July 30, 2012. The Blue Ridge National Heritage Area Partnership has announced its 2012 Heritage Grants Program, which will provide funding for projects that preserve, interpret, and promote Western North Carolina’s rich agricultural, craft, Cherokee, music and natural heritage. These five distinctive legacies earned the region a Congressional designation as a National Heritage Area in 2003.
“Western North Carolina is such a special place to live and to visit,” says BRNHA Executive Director Angie Chandler. “Our grants help preserve our heritage while boosting visitor spending and other investments in our towns and communities.”
Nonprofit organizations, academic institutions, and units of state and local governments are eligible to apply. Applicants must provide at least an equal match. The total pool of funding for the 2012 grant cycle is $225,000.
“This year we are putting out a special call for music heritage projects, to help expand and raise awareness of the Blue Ridge Music Trails which were started years ago,” says Chandler.
Over the past nine years, the Blue Ridge National Heritage Area Partnership has awarded 91 grants totaling over $1.5 million to projects that preserve, interpret, and develop the heritage resources of the region. These awards have leveraged over $2.6 million in state, local and private matches.
Grants awarded in previous cycles have supported historic building renovations, indoor and outdoor exhibits, oral history projects, video documentaries, interpretive programs, visitor brochures, Junior Appalachian Musician programs, and the promotion of local foods and farms. The grant projects have provided engaging and authentic heritage experiences to hundreds of thousands of visitors and residents.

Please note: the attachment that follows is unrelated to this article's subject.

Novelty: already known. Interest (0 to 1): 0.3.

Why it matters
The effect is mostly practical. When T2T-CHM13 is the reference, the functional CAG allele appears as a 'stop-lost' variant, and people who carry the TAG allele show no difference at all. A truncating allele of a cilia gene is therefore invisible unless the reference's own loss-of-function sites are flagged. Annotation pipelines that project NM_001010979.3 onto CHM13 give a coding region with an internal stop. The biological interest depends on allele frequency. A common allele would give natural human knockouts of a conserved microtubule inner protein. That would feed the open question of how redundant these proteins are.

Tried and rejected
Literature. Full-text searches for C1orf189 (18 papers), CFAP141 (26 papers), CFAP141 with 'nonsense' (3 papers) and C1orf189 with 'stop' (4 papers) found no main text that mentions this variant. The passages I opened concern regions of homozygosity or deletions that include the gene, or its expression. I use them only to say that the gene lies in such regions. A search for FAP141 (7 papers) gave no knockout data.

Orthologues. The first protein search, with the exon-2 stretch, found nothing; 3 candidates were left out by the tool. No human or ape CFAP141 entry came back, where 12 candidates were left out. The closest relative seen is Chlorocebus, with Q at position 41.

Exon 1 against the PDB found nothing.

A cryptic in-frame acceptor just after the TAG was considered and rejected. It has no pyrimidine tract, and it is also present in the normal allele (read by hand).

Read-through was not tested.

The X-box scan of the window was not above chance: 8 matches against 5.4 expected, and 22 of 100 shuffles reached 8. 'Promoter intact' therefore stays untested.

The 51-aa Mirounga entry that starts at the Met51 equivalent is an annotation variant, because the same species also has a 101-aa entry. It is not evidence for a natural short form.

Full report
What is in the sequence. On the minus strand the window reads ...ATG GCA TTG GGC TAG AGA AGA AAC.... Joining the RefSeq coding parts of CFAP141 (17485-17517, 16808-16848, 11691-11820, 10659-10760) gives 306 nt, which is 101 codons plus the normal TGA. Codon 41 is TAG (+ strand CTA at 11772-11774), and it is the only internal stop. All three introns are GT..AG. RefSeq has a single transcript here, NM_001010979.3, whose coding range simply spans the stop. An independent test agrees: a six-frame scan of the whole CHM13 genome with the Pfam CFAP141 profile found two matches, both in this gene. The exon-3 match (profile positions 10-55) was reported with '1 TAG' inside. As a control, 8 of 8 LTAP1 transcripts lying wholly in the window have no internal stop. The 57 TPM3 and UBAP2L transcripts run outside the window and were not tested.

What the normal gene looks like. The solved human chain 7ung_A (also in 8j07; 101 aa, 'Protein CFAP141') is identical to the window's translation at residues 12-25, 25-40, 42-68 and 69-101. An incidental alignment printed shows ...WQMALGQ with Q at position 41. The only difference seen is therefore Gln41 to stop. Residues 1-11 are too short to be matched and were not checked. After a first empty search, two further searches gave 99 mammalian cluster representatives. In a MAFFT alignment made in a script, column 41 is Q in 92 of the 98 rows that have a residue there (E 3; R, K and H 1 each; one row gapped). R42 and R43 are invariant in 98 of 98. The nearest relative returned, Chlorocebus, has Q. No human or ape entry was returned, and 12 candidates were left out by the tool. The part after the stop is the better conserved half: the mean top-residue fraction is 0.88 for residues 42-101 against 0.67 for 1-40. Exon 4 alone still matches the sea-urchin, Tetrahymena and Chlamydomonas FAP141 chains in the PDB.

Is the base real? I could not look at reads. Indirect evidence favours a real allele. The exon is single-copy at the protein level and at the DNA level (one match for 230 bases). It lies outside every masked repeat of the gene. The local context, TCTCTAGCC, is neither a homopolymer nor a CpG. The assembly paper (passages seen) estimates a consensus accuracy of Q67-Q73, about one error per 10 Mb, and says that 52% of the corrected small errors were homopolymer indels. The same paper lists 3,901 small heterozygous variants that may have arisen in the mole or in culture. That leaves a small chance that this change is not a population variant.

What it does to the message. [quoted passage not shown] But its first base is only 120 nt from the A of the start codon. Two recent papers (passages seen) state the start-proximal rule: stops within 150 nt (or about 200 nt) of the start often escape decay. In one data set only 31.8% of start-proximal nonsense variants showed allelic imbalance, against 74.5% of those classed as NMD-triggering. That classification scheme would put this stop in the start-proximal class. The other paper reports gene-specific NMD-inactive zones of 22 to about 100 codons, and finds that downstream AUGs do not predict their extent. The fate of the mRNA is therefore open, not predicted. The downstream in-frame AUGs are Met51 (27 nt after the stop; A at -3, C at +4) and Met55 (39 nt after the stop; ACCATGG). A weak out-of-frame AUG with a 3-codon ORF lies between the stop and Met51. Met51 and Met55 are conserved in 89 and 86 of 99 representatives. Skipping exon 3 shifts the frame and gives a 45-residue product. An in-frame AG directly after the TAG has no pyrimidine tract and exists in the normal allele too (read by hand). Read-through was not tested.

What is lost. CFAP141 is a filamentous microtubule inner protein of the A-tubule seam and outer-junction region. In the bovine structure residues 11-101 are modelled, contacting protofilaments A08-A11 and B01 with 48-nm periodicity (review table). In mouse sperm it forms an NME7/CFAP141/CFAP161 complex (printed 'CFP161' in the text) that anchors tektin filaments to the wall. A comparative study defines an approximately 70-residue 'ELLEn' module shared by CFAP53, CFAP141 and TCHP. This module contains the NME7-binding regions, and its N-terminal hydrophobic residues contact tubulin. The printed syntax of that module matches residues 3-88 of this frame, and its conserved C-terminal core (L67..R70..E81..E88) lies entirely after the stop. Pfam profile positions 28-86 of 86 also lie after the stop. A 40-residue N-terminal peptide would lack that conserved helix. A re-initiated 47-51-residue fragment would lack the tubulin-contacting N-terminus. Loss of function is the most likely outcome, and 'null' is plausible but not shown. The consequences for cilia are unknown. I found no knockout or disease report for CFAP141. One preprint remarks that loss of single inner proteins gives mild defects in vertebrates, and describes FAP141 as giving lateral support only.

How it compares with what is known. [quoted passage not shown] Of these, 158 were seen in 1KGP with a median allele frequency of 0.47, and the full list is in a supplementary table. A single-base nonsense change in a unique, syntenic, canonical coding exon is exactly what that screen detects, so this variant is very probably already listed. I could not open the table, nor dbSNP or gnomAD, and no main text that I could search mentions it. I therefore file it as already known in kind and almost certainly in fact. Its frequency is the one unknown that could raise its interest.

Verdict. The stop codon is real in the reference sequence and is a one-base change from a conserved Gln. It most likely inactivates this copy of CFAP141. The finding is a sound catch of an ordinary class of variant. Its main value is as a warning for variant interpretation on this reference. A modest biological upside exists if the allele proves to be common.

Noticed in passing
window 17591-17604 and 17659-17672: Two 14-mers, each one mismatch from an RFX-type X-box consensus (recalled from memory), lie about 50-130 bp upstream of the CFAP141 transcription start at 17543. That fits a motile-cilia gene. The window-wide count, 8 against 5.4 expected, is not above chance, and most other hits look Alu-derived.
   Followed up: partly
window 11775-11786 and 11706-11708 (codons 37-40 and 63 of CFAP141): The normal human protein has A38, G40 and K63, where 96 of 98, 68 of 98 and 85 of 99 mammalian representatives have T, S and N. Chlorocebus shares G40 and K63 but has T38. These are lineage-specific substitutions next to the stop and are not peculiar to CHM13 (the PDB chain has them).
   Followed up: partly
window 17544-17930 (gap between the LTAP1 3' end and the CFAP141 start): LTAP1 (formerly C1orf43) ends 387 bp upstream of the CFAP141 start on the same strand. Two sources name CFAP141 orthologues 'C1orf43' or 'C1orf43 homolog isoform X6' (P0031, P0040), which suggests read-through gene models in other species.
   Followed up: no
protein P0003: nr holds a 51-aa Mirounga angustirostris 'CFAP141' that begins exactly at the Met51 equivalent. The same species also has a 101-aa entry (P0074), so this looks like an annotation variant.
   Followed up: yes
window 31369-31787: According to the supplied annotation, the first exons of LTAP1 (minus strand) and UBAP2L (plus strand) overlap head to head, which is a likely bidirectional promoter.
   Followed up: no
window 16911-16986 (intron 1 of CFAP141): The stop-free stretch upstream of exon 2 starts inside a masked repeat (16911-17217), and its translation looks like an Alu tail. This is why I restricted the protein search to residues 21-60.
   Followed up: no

The deadline for grant applications is December 14, 2012. Grant information sessions will be held around the region in September. Complete information on the 2012 Heritage Grants Program can be found at www.blueridgeheritage.com.
The Blue Ridge National Heritage Area, designated by Congress and the President in November, 2003, works to protect, preserve, interpret, and develop the unique natural, historical, and cultural resources of Western North Carolina for the benefit of present and future generations, and in so doing to sustain our heritage and stimulate improved economic opportunity in our region. National Heritage Areas are locally-governed institutions that encourage residents, non-profit groups, government agencies, and private partners to work together in planning and implementing programs that preserve and celebrate America’s defining landscapes.
The views and conclusions contained in this news release are those of the authors and should not be interpreted as representing the opinions or policies of the U.S. Government. Mention of trade names or commercial products does not constitute their endorsement by the U.S. Government.